Ralph Torrie, president of consultancy Torrie Smith Associates, said a new line between Nova Scotia and New Brunswick would be among interprovincial projects that are “shovel-ready.” Mr. Torrie said the connection would help Nova Scotia cope with the intermittency of wind farms it hopes to build.

“It’s so much in the interest of Nova Scotia that they could probably justify paying for it themselves,” he said. “I think it would go forward under almost any scenario of how the future is going to unfold, with or without stimulus funding.”

In a recent commentary, law firm Stikeman Elliott said integrating Quebec’s grid with Atlantic Canada could help the latter take full advantage of renewable sources such as wind, solar and tidal generation. “If Quebec is included in the Atlantic Loop, then most, if not all of Atlantic Canada’s fossil-fuel generation could be replaced by renewable energy over the medium term.”

Blake Shaffer, a professor of economics at the University of Calgary, said the intertie between Alberta and British Columbia is another candidate for CIB funding. The amount of power being transferred through the link has been reduced because Alberta is worried about the risks of blackouts in the event of unexpected disruptions, he explained. “They don’t want an event that’s too large that they couldn’t respond to it.” But upgrades could remove that risk.

“Let’s get the full use out of the tie we already have before we go building something new,” he said.

The Alberta Electric System Operator (AESO), which plans the province’s transmission system, said the line has approximately 1,000 megawatts of capacity. “To bring it up to full capacity, there’s work that we need to do inside of Alberta at a substation,” said spokesperson Mike Deising. And more work is required on transmission lines to raise their capacity.

Mr. Deising said the project began in 2018 and is considered active. But “we’ve paused on transmission projects, just in light of the pandemic and the current economic climate in the province. We’ll be looking at it in 2021 and assessing where we take it from here.” It’s up to the provincial government to decide whether to accept federal financing.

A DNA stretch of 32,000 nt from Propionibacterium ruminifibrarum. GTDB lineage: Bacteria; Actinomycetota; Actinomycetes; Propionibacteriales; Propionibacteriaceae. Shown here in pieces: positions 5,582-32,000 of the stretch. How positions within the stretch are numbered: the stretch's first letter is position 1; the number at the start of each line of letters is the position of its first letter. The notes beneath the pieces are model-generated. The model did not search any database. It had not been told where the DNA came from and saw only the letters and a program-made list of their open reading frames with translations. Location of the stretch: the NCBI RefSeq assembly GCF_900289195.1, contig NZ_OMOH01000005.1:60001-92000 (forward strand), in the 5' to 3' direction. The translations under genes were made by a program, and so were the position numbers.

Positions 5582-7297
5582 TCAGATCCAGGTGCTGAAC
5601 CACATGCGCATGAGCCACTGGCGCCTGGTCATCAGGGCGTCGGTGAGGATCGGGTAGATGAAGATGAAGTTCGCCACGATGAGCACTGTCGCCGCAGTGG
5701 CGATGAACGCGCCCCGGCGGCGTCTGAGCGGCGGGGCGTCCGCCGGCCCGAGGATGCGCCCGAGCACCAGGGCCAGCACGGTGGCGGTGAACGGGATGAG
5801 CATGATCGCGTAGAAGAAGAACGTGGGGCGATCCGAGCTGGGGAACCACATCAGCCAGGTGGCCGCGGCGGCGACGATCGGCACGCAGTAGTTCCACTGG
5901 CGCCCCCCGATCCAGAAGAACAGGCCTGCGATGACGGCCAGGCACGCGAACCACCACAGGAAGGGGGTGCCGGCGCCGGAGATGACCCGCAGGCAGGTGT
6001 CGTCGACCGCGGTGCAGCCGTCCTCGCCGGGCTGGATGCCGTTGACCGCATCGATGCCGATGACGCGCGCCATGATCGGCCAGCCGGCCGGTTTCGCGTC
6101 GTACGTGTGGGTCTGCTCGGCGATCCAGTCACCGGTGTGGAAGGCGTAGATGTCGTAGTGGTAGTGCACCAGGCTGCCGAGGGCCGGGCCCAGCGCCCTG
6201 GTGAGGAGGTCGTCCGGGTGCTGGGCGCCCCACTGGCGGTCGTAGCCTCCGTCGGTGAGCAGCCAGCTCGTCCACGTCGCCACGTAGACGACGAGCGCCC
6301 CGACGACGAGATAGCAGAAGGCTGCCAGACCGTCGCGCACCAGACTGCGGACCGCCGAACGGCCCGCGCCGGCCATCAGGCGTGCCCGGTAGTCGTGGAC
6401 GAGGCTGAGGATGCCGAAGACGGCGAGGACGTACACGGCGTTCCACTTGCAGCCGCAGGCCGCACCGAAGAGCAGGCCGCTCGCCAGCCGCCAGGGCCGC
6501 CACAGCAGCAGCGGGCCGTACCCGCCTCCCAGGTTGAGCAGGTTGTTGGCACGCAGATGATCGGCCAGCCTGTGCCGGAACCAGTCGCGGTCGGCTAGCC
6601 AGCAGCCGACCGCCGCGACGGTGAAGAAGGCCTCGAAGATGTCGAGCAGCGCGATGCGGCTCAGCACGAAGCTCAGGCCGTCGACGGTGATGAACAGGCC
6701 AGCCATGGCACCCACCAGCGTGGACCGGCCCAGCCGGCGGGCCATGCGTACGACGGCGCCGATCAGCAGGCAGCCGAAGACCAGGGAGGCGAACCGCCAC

The CIB, a Crown corporation, appears to have much riding on its “green recovery” pledge.

Launched by the Trudeau government amid considerable fanfare in 2017, it was to invest $35-billion in public funds to attract a lot more private and institutional investment for major roads, transit system upgrades and other large infrastructure projects. But as of its third anniversary earlier this year, it had invested only a small fraction of that balance. “The bank has got off to a slow start,” Mark Ledwell, a lawyer with Gowling WLG, observed in a commentary published in September.

The CIB’s senior ranks were shuffled extensively this year. In April, chief executive officer Pierre Lavallée stepped down after less than two years in the job. (His replacement, Ehren Cory, who previously headed Infrastructure Ontario, was appointed in October.) CIB chair Janice Fukakusa resigned at the same time, replaced by Michael Sabia, former head of Caisse de dépôt et placement du Québec. Mr. Sabia was appointed deputy finance minister last week.